What is a 'guarded honour'? It is an honour card (e.g. King) that is 'protected' by a sufficient number of smaller card x-x-x…. in the same suit. For example, a K-x is guarded, but a Q-x is unguarded, however the Queen is guarded in Q-x-x and in a A-Q doubleton. A higher honour card can also guard a lower honour card, so the Jack in J-x-x-x is guarded as is the Jack in K-J-x. To guard a 10 you need 10-x-x-x-x or Q-10-x-x.
What is an 'artificial' bid? A 'natural' bid implies that the contract should be played in the suit that is bid, all other declarations are 'artificial'.
What is a 'forcing' bid? It is a bid that forces partner to bid if their Right-Hand Opponent (RHO) passes. In many systems forcing bids promise only strength, not distribution (this should be an explicit agreement in a partnership). A specific type of forcing bid is 'game forcing', which is mutually forcing on the partnership to reach a game contract.
What is a 'free' bid? This is any bid made where there was no longer an obligation on partner to bid.
What is a 'solid' or 'robust' suit? A solid 5-card suit is A-K-Q-J-x or A-K-Q-10-x, a solid 6-card suit is A-K-Q-10-x-x. So a solid suit is always headed by A-K-Q. A robust suit is one that hold 2 of the top 3 honours, or 3 of the top 5 honours. Weak-two's and pre-empts are made with robust suits.
What are 'honour-tricks'? Honour-tricks depend upon the honours held, A-K or A-Q-J are 2 honour-tricks, A-Q, K-Q-J or A-J-10 are 1½ honour-tricks, an A or K-Q or K-J-10 is 1 honour-trick, and K-x and Q-J-x is ½ an honour-trick.
What is a 'stopper'? A stopper is a suit containing 1 honour-trick (see above), and a potential stopper is a suit containing a ½ honour-trick. A 'double stopper' in a suit bid by the Right-Hand Opponent (RHO) should be where length+HCP equal to 8, e.g. A-x-x-x or K-Q-x. A double stopper held in the suit bid by the Left-Hand Opponent (LHO) should include A-K, or A-J-10, or K-Q-J.
What is a 'biddable' or 're-biddable' suit? Different systems have different definitions of a biddable suit. One definition is a 4-card suit containing 4+ HCP, or any 5-card suit. A re-biddable suit is one where the suit could still be bid if the two lowest cards were removed, e.g. A-Q-x-x-x-x is re-biddable, but K-J-x-x-x is not re-biddable. These definitions must be the subject of a partnership agreement.
What is a 'balanced' hand or an 'unbalanced' hand? A balanced hand is one containing no more than 1 doubleton. A semi-balanced hand is the distribution 5-4-2-2, containing no singletons or voids. An unbalanced hand starts with 6-3-2-2 or 7-2-2-2, or a hand containing a singleton or void (starting with 4-4-4-1). Some definitions include 6-3-2-2 and 7-2-2-2 as semi-balanced, and this must be decided by the partnership.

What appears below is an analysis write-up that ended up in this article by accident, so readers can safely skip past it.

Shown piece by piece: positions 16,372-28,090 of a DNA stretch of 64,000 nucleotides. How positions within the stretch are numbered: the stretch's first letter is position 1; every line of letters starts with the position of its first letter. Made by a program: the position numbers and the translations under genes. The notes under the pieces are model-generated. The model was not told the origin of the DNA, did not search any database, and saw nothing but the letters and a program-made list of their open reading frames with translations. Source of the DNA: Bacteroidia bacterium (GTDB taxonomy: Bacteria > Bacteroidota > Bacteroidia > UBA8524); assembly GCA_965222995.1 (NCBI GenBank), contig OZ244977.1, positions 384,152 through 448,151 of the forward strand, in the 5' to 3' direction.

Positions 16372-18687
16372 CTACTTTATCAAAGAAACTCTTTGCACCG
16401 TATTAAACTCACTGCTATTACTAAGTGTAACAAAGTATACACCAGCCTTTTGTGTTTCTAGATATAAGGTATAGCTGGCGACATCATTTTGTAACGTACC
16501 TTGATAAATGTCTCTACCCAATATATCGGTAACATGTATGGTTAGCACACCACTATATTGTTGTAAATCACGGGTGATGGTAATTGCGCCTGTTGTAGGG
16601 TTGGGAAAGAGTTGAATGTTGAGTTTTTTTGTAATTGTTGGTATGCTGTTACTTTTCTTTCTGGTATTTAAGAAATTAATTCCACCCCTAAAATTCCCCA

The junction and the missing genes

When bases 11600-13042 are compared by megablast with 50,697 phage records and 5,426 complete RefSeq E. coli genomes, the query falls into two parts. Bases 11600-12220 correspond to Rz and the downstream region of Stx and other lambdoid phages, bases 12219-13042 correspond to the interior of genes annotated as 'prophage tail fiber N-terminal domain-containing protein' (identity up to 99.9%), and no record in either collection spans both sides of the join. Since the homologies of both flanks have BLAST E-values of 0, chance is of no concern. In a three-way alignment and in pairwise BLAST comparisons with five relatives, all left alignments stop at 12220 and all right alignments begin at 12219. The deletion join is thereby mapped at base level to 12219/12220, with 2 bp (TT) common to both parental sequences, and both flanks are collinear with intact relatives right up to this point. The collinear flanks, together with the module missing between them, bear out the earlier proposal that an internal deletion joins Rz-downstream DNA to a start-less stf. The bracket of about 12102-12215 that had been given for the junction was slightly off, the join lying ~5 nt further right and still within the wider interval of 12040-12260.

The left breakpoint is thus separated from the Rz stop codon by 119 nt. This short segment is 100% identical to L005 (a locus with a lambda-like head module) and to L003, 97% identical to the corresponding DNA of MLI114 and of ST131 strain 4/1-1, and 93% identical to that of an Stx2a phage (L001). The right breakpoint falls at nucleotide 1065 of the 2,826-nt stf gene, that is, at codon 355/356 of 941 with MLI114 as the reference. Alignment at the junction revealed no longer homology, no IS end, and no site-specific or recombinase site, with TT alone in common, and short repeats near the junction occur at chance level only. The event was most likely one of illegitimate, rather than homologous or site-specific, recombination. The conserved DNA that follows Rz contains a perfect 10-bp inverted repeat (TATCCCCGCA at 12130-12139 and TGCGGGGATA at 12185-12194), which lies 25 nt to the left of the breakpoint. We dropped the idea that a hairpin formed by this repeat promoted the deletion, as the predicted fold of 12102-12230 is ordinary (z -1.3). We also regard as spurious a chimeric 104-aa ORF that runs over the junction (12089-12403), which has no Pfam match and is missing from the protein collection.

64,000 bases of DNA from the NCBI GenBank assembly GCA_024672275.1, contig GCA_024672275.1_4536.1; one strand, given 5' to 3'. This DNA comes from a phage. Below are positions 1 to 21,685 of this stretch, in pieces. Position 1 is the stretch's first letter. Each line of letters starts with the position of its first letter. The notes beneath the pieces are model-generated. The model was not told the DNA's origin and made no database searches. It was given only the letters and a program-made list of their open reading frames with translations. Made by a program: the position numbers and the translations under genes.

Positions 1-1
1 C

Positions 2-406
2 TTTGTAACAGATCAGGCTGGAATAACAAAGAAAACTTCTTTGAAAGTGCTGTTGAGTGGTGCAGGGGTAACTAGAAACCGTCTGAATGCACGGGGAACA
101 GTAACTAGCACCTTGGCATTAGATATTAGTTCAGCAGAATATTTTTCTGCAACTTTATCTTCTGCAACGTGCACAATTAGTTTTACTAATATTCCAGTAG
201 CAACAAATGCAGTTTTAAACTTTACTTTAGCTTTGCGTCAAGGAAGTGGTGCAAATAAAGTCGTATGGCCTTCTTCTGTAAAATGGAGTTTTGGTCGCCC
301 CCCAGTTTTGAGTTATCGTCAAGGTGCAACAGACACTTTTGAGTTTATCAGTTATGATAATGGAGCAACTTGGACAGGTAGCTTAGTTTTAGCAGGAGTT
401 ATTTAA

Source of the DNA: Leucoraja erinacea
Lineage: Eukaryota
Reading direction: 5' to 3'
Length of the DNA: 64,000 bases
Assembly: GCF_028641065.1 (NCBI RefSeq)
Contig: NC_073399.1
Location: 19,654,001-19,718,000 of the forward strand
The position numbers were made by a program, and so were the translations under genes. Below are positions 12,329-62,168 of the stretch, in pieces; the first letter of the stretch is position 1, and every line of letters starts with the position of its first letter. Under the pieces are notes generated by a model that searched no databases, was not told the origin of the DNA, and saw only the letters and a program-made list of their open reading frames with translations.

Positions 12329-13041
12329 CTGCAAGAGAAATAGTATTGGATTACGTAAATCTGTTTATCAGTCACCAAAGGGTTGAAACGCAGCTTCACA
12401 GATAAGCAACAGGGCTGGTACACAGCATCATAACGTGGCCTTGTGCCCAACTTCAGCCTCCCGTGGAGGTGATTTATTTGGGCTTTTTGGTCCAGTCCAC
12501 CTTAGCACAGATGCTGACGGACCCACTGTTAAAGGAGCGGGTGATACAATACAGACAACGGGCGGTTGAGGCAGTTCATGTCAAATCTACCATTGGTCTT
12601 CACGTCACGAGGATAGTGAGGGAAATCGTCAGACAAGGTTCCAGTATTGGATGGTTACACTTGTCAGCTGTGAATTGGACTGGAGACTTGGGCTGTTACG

What does 'support' or 'fit' mean? Support starts with 2-cards in Partners suit. Support is when it is evident that the partnership hold 8+ cards in a suit or 7-cards containing 6+ HCP. Good support means that if the lowest card is removed Partner still has support, e.g. so J-10-x or x-x-x-x or better. Very good support means holding a biddable hand in the suit proposed by Partner. A fit is when the partnership holds sufficient cards and HCP for an agreed trump suit.
What are a 'raise', a 'preference bid' and a 'take-out' bid? If Partner has a free bid or if Partner supports Openers suit above the minimum level of reply, it is a raise (e.g. 1 - Pass - 2 is a raise as is 1- 1♠ - 3). A preference bid is 1- 1♠ - 2means "I prefer to play 2rather than Pass". A preference bid is also where a player expresses a preference for one of two suits bid by Partner. A take-out is a natural bid that is neither a raise nor a preference bid (note this is not a take-out double).
What is a 'limit' bid? These are bids that define an upper limit, or a small range of points. Raises, rebids, and No Trump bids are limit bids, as are the weak-two opening bids. Some players using strong 2 and 2will have a limit bid on 2♣. Some players consider pre-empts a limit bid as well.
What is 'offensive' and 'defensive' potential? Offensive potential is the trick potential of the suit added to the honour tricks held in the other suits, and trick potential depends upon the strength and length of the suit. An opening bid promises an offensive hand of 7 tricks assuming that partner delivers a 'fit' and about 8-10 DH (i.e. together 20-22 DH). A partnership bidding to a 2-level would expect to have an offensive potential of 8 tricks. An opening weak-two is made with a decent offensive hand but where a 1-level bid would overstate its defensive potential. A pre-empt promises an offensive potential of 7 tricks (assuming minimum support from partner), and poor defensive potential (usually max. 1½ defensive tricks in total). If the different between offensive and defensive potential is 5 tricks or more the hands are offensively oriented, otherwise much depends upon the evolution of the bidding.
These additional definitions were inspired by those provided for the original Computer Oriented Bridge Analysis program from the 80's.